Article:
PORTLAND — The task force charged with finding a new use for the vacant Thomas B. Reed School has one meeting left before making its final recommendations.
The Reed School Reuse Advisory Task Force came up with draft recommendations to change the zoning of the property to allow multi-family housing, and preservation of open space for the community.
Christine Grimando, the city’s senior planner, said the current zoning, R-3, doesn’t work for reuse of the school because it is designed for single-family homes. The recommendation is to switch the property to R-5.
“R-5 offers us more flexibility,” Grimando said.
City Councilor David Brenerman, who chairs the committee, said the R-5 zone allows more density, “but more importantly will allow someone to develop the school into more than just two units.”
“When the City Council zoned that part of (the neighborhood), Reed was a school, and schools are allowed in R-3 zone,” Brenerman said. “No one thought at the time the school would close. Now that we want to sell the building and have it used for something else, (R-3) is not the appropriate zone for the school.”
Both Brenerman and Grimando said the committee and neighborhood residents would still like to see the school be renovated as housing or some kind of community space.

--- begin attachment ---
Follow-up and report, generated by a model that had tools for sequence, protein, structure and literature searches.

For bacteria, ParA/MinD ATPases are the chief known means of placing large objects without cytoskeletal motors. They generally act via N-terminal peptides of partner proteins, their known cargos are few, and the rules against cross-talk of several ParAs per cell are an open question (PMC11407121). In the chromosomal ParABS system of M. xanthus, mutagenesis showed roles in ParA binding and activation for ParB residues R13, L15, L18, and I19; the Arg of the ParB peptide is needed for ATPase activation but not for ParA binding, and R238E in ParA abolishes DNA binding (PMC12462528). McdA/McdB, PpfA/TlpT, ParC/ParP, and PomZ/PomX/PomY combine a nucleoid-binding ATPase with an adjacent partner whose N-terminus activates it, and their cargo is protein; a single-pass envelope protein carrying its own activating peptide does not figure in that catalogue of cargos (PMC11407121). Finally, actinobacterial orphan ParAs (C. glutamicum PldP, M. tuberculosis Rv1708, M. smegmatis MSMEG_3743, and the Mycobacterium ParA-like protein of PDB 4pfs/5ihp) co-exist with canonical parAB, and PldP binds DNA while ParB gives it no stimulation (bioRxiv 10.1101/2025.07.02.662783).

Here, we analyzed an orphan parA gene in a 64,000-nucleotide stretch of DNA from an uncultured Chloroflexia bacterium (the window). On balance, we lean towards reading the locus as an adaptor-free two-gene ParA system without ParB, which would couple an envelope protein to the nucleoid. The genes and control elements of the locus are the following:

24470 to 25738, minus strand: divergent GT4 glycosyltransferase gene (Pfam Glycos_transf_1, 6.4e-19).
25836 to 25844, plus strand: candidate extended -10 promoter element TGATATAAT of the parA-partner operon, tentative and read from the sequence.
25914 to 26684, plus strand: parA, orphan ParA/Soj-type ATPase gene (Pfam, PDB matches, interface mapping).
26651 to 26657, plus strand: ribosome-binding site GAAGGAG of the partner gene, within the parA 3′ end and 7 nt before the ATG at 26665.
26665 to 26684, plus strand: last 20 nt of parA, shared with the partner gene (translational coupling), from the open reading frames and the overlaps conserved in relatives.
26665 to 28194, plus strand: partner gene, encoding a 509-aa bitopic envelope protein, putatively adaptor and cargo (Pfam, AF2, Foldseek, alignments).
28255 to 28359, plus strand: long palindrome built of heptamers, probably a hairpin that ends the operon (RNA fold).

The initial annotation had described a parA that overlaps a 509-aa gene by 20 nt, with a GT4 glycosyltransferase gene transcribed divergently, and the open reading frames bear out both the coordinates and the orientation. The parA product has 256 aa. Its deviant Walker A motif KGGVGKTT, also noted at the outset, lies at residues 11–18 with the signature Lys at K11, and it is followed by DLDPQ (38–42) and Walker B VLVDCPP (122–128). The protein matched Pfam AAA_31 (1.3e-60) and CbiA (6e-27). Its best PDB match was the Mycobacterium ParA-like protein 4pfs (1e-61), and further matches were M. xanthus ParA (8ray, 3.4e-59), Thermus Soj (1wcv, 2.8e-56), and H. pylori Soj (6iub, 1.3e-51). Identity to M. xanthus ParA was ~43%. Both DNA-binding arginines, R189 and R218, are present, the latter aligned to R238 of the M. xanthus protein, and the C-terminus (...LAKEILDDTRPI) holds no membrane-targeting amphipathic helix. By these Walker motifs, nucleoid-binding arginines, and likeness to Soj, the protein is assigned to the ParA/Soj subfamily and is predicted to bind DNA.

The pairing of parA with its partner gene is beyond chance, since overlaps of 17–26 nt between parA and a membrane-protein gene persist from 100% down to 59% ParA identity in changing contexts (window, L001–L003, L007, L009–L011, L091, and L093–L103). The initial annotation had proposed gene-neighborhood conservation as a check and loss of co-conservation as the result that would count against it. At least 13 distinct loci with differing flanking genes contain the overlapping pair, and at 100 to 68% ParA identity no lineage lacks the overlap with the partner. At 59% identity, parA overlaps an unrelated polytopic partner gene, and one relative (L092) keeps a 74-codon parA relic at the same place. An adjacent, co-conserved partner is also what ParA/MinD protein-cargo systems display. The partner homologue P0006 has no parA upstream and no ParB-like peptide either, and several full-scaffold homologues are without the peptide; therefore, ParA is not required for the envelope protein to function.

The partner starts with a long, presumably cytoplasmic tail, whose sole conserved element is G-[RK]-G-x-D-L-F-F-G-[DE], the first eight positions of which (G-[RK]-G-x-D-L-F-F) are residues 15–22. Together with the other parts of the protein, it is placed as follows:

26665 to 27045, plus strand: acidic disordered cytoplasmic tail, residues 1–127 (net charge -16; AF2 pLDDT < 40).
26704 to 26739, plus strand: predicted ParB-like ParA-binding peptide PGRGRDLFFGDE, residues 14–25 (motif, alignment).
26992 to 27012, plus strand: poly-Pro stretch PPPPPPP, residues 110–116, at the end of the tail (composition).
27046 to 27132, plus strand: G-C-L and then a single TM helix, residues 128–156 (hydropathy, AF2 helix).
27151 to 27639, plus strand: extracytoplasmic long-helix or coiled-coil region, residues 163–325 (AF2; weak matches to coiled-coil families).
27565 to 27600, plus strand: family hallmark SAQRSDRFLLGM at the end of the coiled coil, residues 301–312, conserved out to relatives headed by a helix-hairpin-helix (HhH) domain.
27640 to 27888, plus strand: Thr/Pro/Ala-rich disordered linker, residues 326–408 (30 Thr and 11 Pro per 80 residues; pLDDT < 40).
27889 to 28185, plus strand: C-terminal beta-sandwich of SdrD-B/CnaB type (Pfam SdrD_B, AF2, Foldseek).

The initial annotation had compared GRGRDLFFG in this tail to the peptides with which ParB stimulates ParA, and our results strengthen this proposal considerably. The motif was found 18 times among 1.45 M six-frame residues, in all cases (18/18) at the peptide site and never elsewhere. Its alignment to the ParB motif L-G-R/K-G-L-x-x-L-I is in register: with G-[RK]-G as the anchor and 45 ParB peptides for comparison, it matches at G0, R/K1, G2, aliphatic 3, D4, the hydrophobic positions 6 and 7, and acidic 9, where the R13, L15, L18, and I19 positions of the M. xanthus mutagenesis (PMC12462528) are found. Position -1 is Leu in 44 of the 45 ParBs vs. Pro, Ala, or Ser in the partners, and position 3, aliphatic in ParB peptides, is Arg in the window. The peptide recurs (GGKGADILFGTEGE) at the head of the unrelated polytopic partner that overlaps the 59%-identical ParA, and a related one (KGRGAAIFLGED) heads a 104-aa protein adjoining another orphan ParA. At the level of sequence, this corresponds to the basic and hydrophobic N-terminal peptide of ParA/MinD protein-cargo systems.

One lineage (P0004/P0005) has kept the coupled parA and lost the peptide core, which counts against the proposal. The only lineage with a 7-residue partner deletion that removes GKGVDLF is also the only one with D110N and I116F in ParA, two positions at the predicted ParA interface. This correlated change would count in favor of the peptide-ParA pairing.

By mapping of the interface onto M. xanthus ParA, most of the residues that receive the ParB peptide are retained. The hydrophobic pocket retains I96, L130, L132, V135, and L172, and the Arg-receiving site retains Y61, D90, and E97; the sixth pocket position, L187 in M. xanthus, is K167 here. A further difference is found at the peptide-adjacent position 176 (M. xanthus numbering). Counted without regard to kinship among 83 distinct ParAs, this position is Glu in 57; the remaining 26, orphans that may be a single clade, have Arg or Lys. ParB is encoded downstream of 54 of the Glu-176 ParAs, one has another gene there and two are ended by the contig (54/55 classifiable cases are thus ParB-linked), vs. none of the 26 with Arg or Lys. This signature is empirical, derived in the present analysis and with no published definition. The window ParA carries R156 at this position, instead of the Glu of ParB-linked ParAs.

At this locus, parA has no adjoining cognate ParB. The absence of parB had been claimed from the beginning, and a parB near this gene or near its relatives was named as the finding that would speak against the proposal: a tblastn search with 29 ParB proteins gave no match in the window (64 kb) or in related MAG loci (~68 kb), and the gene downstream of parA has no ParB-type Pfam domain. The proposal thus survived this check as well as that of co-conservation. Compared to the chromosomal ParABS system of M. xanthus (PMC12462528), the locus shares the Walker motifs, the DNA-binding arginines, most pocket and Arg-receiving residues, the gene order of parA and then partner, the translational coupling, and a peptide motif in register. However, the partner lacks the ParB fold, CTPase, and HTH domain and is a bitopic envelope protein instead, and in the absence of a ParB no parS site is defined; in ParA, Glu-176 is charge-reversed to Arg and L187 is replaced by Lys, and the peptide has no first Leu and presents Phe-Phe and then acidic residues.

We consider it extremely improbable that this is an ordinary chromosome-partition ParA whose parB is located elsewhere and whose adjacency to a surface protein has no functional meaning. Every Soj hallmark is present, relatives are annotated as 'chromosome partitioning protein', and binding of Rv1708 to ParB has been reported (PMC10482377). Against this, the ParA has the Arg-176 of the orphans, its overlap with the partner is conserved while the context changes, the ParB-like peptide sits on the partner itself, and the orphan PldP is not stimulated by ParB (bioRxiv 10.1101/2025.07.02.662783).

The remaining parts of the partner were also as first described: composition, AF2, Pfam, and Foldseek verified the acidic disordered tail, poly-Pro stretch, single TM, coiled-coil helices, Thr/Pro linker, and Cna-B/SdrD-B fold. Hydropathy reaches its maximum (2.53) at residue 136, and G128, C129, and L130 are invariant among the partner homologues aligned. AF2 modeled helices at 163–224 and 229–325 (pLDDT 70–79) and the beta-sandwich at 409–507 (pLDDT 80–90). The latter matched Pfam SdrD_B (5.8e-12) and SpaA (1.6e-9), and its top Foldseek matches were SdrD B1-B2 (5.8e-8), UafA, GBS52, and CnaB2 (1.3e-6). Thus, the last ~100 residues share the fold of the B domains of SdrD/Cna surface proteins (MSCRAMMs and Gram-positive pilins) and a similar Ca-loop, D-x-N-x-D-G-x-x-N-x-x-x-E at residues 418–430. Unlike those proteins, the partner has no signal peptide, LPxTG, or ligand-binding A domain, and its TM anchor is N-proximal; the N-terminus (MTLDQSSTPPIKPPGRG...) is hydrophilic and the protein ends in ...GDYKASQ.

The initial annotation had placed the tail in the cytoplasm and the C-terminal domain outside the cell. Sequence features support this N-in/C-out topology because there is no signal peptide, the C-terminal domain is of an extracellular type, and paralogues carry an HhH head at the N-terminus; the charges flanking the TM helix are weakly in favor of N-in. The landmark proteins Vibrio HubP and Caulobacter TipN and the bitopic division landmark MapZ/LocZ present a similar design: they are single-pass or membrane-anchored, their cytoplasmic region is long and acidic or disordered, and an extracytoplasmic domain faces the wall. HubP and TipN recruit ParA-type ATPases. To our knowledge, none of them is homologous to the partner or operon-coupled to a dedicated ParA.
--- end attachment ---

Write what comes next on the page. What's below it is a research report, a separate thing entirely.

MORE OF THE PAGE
Grimando said reuse as housing has been received favorably. She said combined living and working spaces, as well things like educational uses and different kinds of day care possibilities, have all come up.
“I think the committee would like to see site reoccupied, they feel very strongly there be open space left and whatever happens they want to make sure it will work with neighborhood,” she said.
Brenerman said “different people want to see different things,” but he believes a “large majority” of the neighborhood would like to see the building be used for housing. He also said people want to see varied uses, such as housing with adult day care, or workforce housing.
“It depends on what a developer can do on that spot and do it economically,” he said.
Brenerman said maintaining the open space while ensuring the property is attractive to a developer is a “primary issue.” He said the committee hopes to do something similar to the Nathan Clifford School project, where open space was preserved.
“It doesn’t have to be market-rate apartments necessarily,” Brenerman said. “But I think the neighbors would probably like to see market rate. But the City Council might have some other ideas. … We’ll have to see when we go for requests for proposals.”
The open space would be open to the community, but would be owned and maintained by the developer, Brenerman said.
Grimando said there is also a recommendation to apply for historic preservation for the building, which could result in a tax credit. Brenerman said the Maine Historic Preservation Commission has already told the committee the two oldest portions of the building would qualify for historic preservation, if the developer wants to apply for that.
Grimando said the meeting on final recommendations should happen within a month or so. After that, the proposal will go to the Housing and Community Development Committee.